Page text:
The last few months brought on a pace we never had in almost a decade. We’re slower, more exhausted, more scattered. It’s a reality we could sense on many levels within Pixelgrade.
The most direct effect is reflected in our cash flow because the revenue got thinner and more erratic. The not-so-obvious, yet important ripples are across the team. In the first half of 2021, some of our colleagues were sick, had faced unpleasant events, so their energy and drive slipped accordingly.
A small crew of only eight people is a fragile system that absorbs vibrations more intensely when someone is out of duty.
Swimming in the sea comes with both serenity and burden. The water is calming, the horizon line brings hope and tranquillity, the sun heats our bodies and takes the pressure off our shoulders. But there’s also uncertainty and tiredness, physical and emotional. It’s hard to keep the tempo, be safe, maintain a certain amount of control.
As if by a reverse-miracle, some unfathomable hand decided we didn’t have enough and we should swim with our heads underwater, for added urgency and drama.
As with most mammals out there, we couldn’t live underwater for too long. We have limited resources in our bodies. They are finite; it’s that simple. As much as we find meaning in embracing conundrums and complex challenges, there’s a point where we need to ask ourselves how much we can carry on.
In this report, we try to depict an honest image of our becoming in this specific moment in time and space. As we’ve always done, we are committed to be transparent and surface the whole landscape (yes, the cracks, too). In the end, stormy seas (and unfathomable hands) are part of any organization’s path, so why try to hide them?
Quick navigation in this article:
- Overview of the deck
- Revenue and Expenses
- Team momentum changes
- An updated version of the employee handbook
- The first book signed by Upstairs Community is here
- We have a new business partner, captain!
- The next big wave
Overview of the deck
“Thought is the wind, knowledge the sail, and mankind the vessel.”August Hare
A quick yet frank summary of the first half of 2021 comes with a sharp message: we made little progress. There are two aspects that weighed heavily on us, and we think it’s essential to provide a broader context for each.
First of all, the blunt truth is that we’ve built various pieces of a giant ship at once. We’re not done with any of them, so that’s one of the main reasons why we stood silent and avoided making a big fuss about it. We don’t like gathering a big crowd, cutting the ceremonial ribbon, and show up with only a few parts of a working product. It would be messy and frustrating for both us and our potential customers.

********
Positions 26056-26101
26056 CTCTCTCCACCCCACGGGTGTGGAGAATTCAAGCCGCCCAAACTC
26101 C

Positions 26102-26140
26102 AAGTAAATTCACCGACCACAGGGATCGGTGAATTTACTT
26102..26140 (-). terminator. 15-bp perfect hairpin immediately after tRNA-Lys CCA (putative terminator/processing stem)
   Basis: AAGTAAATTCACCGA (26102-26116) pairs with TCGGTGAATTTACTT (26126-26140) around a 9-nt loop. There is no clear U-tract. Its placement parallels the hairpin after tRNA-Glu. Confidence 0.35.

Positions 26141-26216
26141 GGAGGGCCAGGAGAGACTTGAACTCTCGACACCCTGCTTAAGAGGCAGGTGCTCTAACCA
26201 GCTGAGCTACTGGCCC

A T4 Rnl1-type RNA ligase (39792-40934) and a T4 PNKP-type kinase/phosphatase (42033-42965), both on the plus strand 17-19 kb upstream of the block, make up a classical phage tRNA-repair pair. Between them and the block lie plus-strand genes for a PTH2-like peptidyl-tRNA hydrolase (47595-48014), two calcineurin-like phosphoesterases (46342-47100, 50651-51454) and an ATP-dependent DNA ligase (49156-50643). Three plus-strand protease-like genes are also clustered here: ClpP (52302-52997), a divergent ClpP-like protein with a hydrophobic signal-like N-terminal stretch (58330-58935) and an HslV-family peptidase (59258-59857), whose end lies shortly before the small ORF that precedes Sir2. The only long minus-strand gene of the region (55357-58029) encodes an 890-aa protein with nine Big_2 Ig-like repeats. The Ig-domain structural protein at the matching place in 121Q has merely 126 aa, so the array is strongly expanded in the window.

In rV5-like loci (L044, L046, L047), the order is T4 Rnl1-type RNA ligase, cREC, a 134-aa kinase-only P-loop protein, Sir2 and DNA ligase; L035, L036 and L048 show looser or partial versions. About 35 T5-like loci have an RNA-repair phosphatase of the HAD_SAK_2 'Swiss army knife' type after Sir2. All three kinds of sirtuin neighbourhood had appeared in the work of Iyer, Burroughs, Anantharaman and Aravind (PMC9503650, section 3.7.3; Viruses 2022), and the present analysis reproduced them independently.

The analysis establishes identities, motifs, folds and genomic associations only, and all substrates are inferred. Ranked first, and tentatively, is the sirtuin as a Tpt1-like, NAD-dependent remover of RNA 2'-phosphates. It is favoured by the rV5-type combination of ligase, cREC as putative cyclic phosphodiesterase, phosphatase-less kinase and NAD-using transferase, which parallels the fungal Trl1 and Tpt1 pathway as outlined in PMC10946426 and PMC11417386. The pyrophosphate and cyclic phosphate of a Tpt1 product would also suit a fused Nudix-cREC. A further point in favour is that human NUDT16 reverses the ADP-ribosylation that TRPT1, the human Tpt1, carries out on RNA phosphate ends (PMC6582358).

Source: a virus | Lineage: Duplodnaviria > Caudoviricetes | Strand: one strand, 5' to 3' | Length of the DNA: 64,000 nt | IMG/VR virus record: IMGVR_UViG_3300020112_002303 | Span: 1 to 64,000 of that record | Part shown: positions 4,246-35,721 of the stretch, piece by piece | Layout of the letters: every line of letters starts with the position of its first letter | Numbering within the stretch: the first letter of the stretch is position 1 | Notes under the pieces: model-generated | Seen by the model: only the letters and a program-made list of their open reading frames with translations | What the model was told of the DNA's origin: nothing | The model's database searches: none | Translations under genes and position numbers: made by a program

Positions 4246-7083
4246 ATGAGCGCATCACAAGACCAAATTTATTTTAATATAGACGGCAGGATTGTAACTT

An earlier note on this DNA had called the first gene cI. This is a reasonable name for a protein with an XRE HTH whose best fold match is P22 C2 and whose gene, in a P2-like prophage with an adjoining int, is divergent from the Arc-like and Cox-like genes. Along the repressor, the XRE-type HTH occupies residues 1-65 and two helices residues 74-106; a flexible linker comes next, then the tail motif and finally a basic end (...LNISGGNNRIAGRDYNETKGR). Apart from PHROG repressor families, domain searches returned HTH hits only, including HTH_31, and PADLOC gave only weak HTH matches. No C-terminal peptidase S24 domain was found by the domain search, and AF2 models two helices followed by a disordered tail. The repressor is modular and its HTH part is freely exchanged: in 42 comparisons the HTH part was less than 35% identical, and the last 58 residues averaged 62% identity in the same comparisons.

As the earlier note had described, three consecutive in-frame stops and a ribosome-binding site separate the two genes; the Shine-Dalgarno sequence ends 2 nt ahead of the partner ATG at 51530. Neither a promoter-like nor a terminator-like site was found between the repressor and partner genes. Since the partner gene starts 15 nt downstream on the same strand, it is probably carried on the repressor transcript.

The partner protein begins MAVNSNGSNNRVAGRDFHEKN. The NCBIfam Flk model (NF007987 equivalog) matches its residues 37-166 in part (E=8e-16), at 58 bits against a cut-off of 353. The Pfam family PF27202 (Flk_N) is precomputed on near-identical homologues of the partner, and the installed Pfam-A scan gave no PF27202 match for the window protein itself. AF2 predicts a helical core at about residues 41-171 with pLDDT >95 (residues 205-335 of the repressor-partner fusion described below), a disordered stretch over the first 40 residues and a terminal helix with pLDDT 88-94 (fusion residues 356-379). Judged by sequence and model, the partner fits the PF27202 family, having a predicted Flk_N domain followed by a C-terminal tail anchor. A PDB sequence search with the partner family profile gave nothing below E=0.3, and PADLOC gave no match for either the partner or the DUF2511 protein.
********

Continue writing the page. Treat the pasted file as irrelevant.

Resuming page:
Second of all, despite this conscious decision to keep things under the radar, there’s no doubt that all the events we’ve been through, both personally and collectively, left marks on our focus and performance. From there, the domino effect rapidly occurred.
It’s not at all comfortable to acknowledge and live with any of the above, but it’s part of our shared reality. We showed up one day after the other, doing our best to put our ducks in a row. Sometimes we succeeded, but unfortunately, we faced plenty of setbacks. For us, it’s crystal clear that fatigue, along with less oxygen and weak bodies, brought us here today. It’s a spot with mixed feelings, but it’s not the end of the journey.
Six months ago, we had one of the smoothest and most predictable sailings of all time. While not unexpected, now it seems like we are taking a look at the seabed. Hopefully, it’s just another journey of discovery which we will swim through successfully without emptying the oxygen tanks. It won’t be a quick bounce to the surface, but we will do our best.
When it comes to actual numbers, the last six months look like this:
$29,187 total monthly average revenue (–6.5% down from $31,217)
↳ $13,359 from our shop at Pixelgrade.com (-7.3% down from $14,414)
↳ $12,557 from the WordPress.com marketplace (-3% down from $12,943)
↳ $3,157 from the Envato marketplace (–10% down from $3,510)
Murky waters and all, we thought we had been alone underwater, but maybe we weren’t. Speaking with other people from the WordPress community, it looks like it’s an overall drop in the field of traditional WordPress themes, sales being affected regardless of whether the products are available through a marketplace or independent shops (like ours).